Local athlete in a first

Local athlete in a first

Kayla Bongers is the first Aussie to compete in the new modern triathlon in Istanbul. Photograph – Filip Komorous, UIPM World Pentathlon

Kelmscott star Kayla Bongers has flexed her muscles on the world stage for the first time after competing at the Under 19 Modern Pentathlon World Championships in Istanbul last week.

This personal milestone also marks her down in national history as the very first Australian athlete to compete in the new modern pentathlon since a landmark decision to replace the equestrian discipline with an obstacle course race (OCR) late last year.

Kayla said she was happy with the way she handled the obstacle course element which is being described by world media outlets as a ninja-warrior style race.

“I finished the course, but some people got eliminated as this was everyone’s first time doing it,” she said.

A last-minute entry to the world championships meant Kayla wasn’t as prepared as she’d hoped to be for the event. And after a two-month pause on training due to a shin splint and potential stress fracture diagnosis, Kayla said she wasn’t at peak performance.

“I also had 10 points deducted from the OCR and a 10-second penalty on the first shoot due to the fact that the shirt I was provided with from my national federation didn’t have my name printed on the back,” she said.

“This made it really hard to come back, especially after the emotional drain of it all.

“But the cool thing was that I had people from different countries coming up and supporting me in those tough moments, especially as I had no coach or parents there.

“That’s the thing about Modern Pentathlon – it’s a community. We all support each other.”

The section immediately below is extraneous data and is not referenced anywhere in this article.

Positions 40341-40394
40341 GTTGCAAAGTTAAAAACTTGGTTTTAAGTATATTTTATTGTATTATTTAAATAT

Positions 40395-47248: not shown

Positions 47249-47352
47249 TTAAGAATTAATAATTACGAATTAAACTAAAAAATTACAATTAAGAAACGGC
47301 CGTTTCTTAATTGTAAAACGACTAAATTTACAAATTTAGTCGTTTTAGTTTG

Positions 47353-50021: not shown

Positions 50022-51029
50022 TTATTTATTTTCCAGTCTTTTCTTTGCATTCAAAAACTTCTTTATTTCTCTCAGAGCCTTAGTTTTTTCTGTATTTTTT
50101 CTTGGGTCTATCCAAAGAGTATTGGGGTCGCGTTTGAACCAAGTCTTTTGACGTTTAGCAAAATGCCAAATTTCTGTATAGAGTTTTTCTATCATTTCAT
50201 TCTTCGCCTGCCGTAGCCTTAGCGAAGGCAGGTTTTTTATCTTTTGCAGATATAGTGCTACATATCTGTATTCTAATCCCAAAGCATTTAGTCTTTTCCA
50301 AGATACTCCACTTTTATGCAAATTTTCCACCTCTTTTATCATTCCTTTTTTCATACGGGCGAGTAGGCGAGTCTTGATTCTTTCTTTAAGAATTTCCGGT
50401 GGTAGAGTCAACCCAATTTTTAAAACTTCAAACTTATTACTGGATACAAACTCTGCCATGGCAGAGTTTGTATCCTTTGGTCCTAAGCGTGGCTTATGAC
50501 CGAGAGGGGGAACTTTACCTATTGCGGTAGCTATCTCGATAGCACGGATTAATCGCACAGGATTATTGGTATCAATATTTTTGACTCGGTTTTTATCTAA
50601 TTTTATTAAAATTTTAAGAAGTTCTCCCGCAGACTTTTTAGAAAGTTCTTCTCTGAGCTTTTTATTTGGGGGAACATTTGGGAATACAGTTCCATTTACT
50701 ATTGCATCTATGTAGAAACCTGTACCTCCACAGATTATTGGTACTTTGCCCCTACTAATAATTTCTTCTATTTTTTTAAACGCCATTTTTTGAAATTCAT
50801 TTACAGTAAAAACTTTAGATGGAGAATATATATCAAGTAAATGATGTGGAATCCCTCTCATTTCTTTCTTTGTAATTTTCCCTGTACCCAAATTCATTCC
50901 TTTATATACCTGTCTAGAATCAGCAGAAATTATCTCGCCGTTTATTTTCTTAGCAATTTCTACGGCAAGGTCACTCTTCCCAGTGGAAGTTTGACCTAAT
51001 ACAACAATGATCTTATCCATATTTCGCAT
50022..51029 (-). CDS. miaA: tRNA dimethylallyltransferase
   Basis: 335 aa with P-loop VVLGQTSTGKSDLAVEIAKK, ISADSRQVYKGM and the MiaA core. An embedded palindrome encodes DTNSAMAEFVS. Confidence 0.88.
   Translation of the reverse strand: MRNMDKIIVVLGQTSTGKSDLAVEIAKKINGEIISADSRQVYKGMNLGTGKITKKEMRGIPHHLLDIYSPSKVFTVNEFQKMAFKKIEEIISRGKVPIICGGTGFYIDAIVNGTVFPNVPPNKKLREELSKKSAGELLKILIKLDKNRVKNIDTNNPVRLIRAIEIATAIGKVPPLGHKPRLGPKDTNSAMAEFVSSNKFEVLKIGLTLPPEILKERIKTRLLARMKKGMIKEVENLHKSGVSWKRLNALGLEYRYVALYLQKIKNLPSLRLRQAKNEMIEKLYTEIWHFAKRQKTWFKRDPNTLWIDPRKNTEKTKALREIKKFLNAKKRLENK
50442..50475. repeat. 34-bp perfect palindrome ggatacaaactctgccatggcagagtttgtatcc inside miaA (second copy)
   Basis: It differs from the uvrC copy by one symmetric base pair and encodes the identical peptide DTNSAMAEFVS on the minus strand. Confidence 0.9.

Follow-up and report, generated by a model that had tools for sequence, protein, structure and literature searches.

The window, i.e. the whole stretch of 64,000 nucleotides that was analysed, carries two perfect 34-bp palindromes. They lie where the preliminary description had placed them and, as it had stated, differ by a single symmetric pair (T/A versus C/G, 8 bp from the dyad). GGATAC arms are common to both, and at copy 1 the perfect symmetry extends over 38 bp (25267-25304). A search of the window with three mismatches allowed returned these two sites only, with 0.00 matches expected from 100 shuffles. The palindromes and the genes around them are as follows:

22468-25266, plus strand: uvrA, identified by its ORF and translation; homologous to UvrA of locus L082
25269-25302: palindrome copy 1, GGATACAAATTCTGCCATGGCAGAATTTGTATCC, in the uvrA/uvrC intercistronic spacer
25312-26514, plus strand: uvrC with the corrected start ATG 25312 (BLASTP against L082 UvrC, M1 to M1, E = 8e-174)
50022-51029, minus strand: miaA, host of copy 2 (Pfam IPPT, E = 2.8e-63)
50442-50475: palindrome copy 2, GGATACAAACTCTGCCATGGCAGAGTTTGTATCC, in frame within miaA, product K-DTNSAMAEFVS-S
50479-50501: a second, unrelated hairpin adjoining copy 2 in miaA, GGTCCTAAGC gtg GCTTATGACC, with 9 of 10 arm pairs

Kayla Bongers and New Zealand’s Anneliese Collings make friends as the Oceania contingent at the Under 19 World Championships.

In spite of all that was against her, the Australian champ finished up in 31st place in her group and says she learned some valuable lessons from the experience.

“Because this was my first international competition ever, I have learnt a lot, such as ‘don’t be afraid to chat to people and reach out if you need help with something’. Most people are willing to help,” she said.

“The first day, where I didn’t know anyone, was a bit lonely. But after connecting with the Great Britain team and the New Zealand team and later on in the week the Guatemala, Chinese Taipei and Canadian teams, I had people to hang out with which was nice.

“There is of course sometimes a language barrier, where you maybe don’t speak the same language, but somehow you work it out, and if not, google translate.”

Kayla admits she has a lot of work to do to improve on an international level.

“But I’m prepared to do it. It’s harder in Australia, as it’s not a big sport, hence why I’m in Europe till November,” she said.

Her next competition will be the Laser Run World Championships in Bath, England next month, then she’ll catapult herself into the OCR World Championships in Genk, Belgium.

“And then in November on the way home, I’m stopping in Bali, Indonesia for the Biathle/Triathle World Championships, where my family may join me in competing,” she said.